Urbandictionary.com describes “awesome” as “something Americans use to describe everything.” When something describes everything, it describes nothing.
I just got back from Inc. Magazine’s GrowCo convention in Nashville. Lots of useful, enjoyable, wonderful stuff there, as always, but I was stunned at how almost every speech by every presenter and almost every overheard or casual conversation was peppered with this unfortunate word: Awesome. It was inescapable, like a blanket of verbal kudzu choking out the variegated richness of the English language—so omnipresent it seemed like an acceptable substitute for just about any word at all. Awesome. Awesome. Awesome. Yeah, really awesome, man. It’s like a lingua franca of evanescent mush, a meme of meaninglessness masquerading as communication and cool.
Fact. People in Shakespeare’s time had working vocabularies of around 54,000 words. They actually talked like characters in Shakespeare’s plays. The working vocabulary of the average American is 3,000 words and, I suspect, declining.
So, is “awesomeness” the beginning of the end for nuanced, accurate business communication? Does it render exact words irrelevant, mute, and dead? Does the practicing and practical entrepreneur even need words and vocabulary to be awesome?
Well, yes. For innovation and thinking we absolutely need words. As German philosopher Martin Heidegger put it, “Language is the house of being.” There is no being outside of language. Without words we are grunting our way to Gomorrah. The more impoverished our language, the less our ability to be innovative, growing, effective human beings. As Steve Jobs memorably put it about his own entrepreneurial company, “It is in Apple’s DNA that technology alone is not enough. It’s technology married with the liberal arts, married with the humanities, that yields the results that make our hearts sing.”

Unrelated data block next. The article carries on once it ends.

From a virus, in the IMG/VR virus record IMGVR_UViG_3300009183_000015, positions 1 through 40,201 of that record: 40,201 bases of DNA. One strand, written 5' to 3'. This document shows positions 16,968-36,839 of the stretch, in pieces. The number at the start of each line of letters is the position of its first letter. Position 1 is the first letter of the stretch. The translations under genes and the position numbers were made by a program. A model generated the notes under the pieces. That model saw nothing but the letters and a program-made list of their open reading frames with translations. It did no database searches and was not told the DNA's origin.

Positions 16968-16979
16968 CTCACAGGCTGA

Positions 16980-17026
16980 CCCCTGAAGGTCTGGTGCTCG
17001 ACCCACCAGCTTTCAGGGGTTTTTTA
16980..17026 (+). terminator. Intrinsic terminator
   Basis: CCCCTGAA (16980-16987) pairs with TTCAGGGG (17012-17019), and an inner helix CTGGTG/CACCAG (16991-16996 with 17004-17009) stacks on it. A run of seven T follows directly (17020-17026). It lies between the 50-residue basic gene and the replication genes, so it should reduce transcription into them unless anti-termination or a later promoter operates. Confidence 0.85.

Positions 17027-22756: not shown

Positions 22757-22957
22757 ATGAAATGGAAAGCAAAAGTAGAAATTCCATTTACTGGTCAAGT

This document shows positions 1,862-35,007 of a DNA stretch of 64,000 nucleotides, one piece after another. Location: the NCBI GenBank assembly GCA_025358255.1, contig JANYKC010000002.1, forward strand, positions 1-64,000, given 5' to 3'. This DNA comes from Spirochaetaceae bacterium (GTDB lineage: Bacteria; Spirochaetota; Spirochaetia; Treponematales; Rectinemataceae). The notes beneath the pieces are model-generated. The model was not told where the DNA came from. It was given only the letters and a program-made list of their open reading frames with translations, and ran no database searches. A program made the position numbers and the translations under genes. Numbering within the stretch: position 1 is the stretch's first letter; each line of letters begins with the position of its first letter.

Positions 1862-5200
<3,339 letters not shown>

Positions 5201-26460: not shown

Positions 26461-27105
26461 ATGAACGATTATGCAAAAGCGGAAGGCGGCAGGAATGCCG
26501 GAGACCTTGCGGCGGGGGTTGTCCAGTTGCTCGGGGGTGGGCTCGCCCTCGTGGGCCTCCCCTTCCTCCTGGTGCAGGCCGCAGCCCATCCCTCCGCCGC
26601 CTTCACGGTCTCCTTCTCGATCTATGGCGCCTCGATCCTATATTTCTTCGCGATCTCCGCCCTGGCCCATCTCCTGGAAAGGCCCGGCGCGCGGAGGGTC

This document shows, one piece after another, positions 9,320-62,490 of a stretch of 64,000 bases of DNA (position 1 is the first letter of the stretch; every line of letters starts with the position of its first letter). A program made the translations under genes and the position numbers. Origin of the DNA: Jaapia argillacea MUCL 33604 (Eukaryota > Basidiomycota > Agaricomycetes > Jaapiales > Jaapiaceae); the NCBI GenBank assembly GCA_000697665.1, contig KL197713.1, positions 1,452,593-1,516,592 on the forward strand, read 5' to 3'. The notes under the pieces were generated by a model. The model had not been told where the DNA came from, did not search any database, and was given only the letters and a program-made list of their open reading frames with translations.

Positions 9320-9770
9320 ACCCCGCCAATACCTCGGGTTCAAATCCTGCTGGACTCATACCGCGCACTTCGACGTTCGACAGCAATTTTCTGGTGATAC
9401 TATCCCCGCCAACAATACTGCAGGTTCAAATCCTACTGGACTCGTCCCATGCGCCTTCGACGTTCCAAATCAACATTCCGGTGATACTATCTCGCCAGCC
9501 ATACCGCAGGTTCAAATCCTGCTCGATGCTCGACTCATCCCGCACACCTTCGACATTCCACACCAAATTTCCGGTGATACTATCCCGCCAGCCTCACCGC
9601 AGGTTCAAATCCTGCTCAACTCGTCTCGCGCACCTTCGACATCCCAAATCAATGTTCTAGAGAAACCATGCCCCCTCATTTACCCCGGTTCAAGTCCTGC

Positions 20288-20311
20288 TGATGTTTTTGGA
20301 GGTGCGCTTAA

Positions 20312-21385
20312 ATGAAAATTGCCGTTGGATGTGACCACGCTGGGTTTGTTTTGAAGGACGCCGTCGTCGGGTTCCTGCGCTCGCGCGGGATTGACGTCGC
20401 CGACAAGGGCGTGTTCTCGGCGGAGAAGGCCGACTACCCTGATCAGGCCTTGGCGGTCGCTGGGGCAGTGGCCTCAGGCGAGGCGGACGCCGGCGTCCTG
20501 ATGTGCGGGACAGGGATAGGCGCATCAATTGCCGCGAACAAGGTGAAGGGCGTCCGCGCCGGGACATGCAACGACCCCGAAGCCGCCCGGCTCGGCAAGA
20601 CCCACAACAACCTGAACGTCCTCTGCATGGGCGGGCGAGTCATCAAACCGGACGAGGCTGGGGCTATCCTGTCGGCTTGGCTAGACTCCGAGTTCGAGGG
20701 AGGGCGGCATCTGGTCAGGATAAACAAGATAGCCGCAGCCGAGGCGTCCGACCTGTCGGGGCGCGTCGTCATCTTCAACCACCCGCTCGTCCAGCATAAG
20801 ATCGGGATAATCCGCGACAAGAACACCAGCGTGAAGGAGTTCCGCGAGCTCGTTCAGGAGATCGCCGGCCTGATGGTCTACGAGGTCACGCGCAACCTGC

Perhaps one of the reasons business persons default to the use of “awesome” for their writing and conversations may be that they have not been trained in language as an essential business skill. Arthur Levitt, former Charman of the Securities and Exchange Commission and Bloomberg commentator, has been on a jihad about business language and communication. He calls much of business speech and business writing “incomprehensible.” He states, “[Business communication] lacks color and nuance, and it’s not terribly interesting to read.”
I believe it is utterly tragic that STEM (science, technology, engineering, mathematics) curriculum seems to be routing the liberal arts—English, history, philosophy, psychology, et. al. I understand that students want to have a good immediate job when they graduate, but that is short term thinking. Especially for incipient entrepreneurs and business leaders. Even engineers, coders, and quants need words for genuine thinking. Without the right word and the right use of words there can be no right thinking; there can be no accurate perception; there can be no exactitude. Words give a context, a reality, a structure for logic, innovation, and our “eureka” moments. Language creates a long-term ability to understand and cope with a brave new world moving and changing at the speed of light. It gives us a context to see the forest, as well as the trees.
So, the use of “awesome” as a default word for just about everything is a killer of business accuracy and clarity. It bespeaks imprecision, inaccuracy, comfort with non-communication, and impoverishment of imagination. “Awesome” is not cool. It is not outre. It is not out-of-the-box. It is mindless, shallow, slothful, ersatz, and, ultimately, disrespectful of anyone you are speaking to. I would suggest it is a good word for any entrepreneur to shake from her sandals.
Words are not irrelevant in a post-Jetsons world. They are ever illuminating. They are necessary. They are the house of the truth of being. They are grandiloquent, magnificent, magical, stupendous, fabulous, unbelievable, and extraordinary. These words have meaning. Awesome does not.